Vision-based sensor helps the blind to interpret surroundings

Scientists at the Hebrew University of Jerusalem (Jerusalem, Israel) have developed a vision-based sensory substitution device (SSD) that that provides visual information to the blind via their existing senses.

Feb 14th, 2012
A vision-based sensory substitution device (SSD) provides visual information to the blind via their existing senses.
A vision-based sensory substitution device (SSD) provides visual information to the blind via their existing senses.

Scientists at the Hebrew University of Jerusalem (Jerusalem, Israel) have developed a vision-based sensory substitution device (SSD) that provides visual information to the blind via their existing senses.

To use the SSD, individuals don a miniature video camera which is connected to a small computer or smart phone and stereo headphones. An algorithm then converts the images into soundscapes, allowing the user to listen to and then interpret the visual information coming from the camera.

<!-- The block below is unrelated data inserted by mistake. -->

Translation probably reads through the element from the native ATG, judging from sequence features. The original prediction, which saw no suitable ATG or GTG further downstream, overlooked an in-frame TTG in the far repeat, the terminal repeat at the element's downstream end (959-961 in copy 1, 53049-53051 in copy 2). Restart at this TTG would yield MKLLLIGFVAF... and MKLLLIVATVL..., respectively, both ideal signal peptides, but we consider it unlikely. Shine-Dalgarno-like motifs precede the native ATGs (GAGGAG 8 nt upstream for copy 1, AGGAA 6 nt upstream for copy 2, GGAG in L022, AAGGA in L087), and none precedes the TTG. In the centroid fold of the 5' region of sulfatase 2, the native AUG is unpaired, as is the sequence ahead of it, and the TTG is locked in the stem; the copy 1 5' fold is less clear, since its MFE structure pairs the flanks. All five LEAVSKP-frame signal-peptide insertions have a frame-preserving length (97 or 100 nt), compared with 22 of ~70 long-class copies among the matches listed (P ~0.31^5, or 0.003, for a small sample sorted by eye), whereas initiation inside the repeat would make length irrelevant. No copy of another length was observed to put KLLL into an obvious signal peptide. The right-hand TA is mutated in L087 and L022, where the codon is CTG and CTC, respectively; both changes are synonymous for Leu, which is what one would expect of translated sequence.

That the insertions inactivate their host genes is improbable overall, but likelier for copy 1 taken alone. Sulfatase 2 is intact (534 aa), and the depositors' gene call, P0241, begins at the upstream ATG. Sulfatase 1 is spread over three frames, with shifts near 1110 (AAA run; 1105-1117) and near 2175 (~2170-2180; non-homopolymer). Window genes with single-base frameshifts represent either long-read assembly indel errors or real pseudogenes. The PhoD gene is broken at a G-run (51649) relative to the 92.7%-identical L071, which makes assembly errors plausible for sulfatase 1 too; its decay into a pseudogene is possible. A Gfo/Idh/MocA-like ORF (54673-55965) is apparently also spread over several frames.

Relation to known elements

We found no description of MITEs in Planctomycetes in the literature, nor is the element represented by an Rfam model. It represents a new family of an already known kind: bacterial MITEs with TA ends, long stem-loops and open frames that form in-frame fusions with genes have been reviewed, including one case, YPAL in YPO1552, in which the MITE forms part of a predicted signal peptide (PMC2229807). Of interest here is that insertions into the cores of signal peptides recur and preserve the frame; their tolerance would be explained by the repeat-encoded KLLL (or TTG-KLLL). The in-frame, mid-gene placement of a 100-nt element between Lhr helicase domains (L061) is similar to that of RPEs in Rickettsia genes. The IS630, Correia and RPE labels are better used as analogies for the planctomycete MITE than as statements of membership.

Proficient users, who had relatively brief training in the laboratory of Dr. Amir Amedi from the Institute for Medical Research Israel-Canada at the Hebrew University, were able to use the SSD to identify complex everyday objects, locate people and their postures, and read letters and words.

More information on the research can be found here.

-- by Dave Wilson, Senior Editor, Vision Systems Design

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